“You know it was always my dream that my man should cook something for me once in a while and pamper me.”
His reply would be, “I have never ever cooked. I have never seen my father do it. So how can I?”
“Surely you have moved on to many things your father didn’t do. Going for regular pedicures to begin with. Having more skincare products on your shelf than me. If you are ready to experiment and try new things in other aspects of life, why not this?”
“Listen don’t expect me to cook. I can employ as many people to cook for you as you want but don’t expect me.”
This is where the waters would start getting a bit troubled.
“I went to a college where every guy there knew how to cook. In fact, many of them are world class chefs today. And then I had to marry you.”
“Well, I seriously doubt if they actually get down to cooking for their wives.”
At this point I would walk out of the room in a huff and sulkily cook an extra elaborate meal just to make him feel guilty. He would nonchalantly gulp down all of it without the slightest bit of remorse.
I have made some headway since. It so happened that a couple who are our good friends, Raj and Rhea invited us for dinner once. Rhea was a picture of cool relaxedness as Raj had donned the chef’s cap that day. He had set up a smoldering barbecue in his lawn that he handled adeptly. Women circled him, cooing and swooning over his produce and asking him for the marinade recipes. The expression on most men’s faces that day clearly spelt ‘what does he have that I don’t?’ In between Raj asked me whether I would like some chicken or lamb. I just fluttered my eyelashes, smiling at his wife and said, “I’ll have whatever Rhea has!”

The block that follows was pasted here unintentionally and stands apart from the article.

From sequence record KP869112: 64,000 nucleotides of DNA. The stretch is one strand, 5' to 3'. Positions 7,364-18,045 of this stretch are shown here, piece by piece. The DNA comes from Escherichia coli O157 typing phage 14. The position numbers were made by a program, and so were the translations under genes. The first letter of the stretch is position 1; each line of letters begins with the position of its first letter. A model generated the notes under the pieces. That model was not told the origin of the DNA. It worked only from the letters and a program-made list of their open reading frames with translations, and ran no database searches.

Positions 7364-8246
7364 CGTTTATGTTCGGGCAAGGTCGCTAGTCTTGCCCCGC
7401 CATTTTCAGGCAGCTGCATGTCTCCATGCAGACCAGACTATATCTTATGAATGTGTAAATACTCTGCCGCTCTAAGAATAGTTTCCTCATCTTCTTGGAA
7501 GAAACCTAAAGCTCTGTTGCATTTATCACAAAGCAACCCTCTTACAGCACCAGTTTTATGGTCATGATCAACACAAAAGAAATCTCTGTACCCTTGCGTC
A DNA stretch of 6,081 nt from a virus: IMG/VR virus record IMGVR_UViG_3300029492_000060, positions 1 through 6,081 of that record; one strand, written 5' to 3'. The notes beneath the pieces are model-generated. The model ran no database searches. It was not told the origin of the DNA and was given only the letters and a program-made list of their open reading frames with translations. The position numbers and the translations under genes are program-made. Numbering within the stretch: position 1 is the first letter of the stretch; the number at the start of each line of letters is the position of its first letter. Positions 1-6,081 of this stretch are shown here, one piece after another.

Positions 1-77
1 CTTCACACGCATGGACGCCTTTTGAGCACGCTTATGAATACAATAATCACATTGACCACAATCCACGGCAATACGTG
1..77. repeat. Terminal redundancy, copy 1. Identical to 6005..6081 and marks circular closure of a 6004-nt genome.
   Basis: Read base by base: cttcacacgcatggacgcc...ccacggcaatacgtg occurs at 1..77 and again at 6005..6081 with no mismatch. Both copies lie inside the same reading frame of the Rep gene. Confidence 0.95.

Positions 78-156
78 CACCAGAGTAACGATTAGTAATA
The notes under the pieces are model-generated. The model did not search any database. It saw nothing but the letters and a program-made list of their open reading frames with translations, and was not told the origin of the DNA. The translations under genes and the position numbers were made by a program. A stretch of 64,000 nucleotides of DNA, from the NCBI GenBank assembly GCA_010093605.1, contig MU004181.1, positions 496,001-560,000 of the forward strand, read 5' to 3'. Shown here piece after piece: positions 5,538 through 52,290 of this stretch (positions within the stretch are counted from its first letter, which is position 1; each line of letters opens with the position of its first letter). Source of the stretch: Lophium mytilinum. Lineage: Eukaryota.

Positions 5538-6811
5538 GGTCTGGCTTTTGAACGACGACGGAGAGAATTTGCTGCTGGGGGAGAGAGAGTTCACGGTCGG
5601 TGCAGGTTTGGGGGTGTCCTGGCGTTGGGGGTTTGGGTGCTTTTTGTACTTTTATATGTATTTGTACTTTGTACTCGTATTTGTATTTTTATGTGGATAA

My husband soon learnt how to make a good barbecue. So men, get over this hang up, and let the woman in your life feel special. Cook her a nice intimate meal. Even a cold coffee and sandwich would do. That would be the beginning of an interesting new dimension to your relationship. Better still, cook together or do anything fun and creative together. More than anything it is the pleasure of laboriously creating something unique and exclusive together and sharing some quality time.
- Shivani Mohan is an India-based writer and corporate communication consultant. This article first appeared in Khaleej Times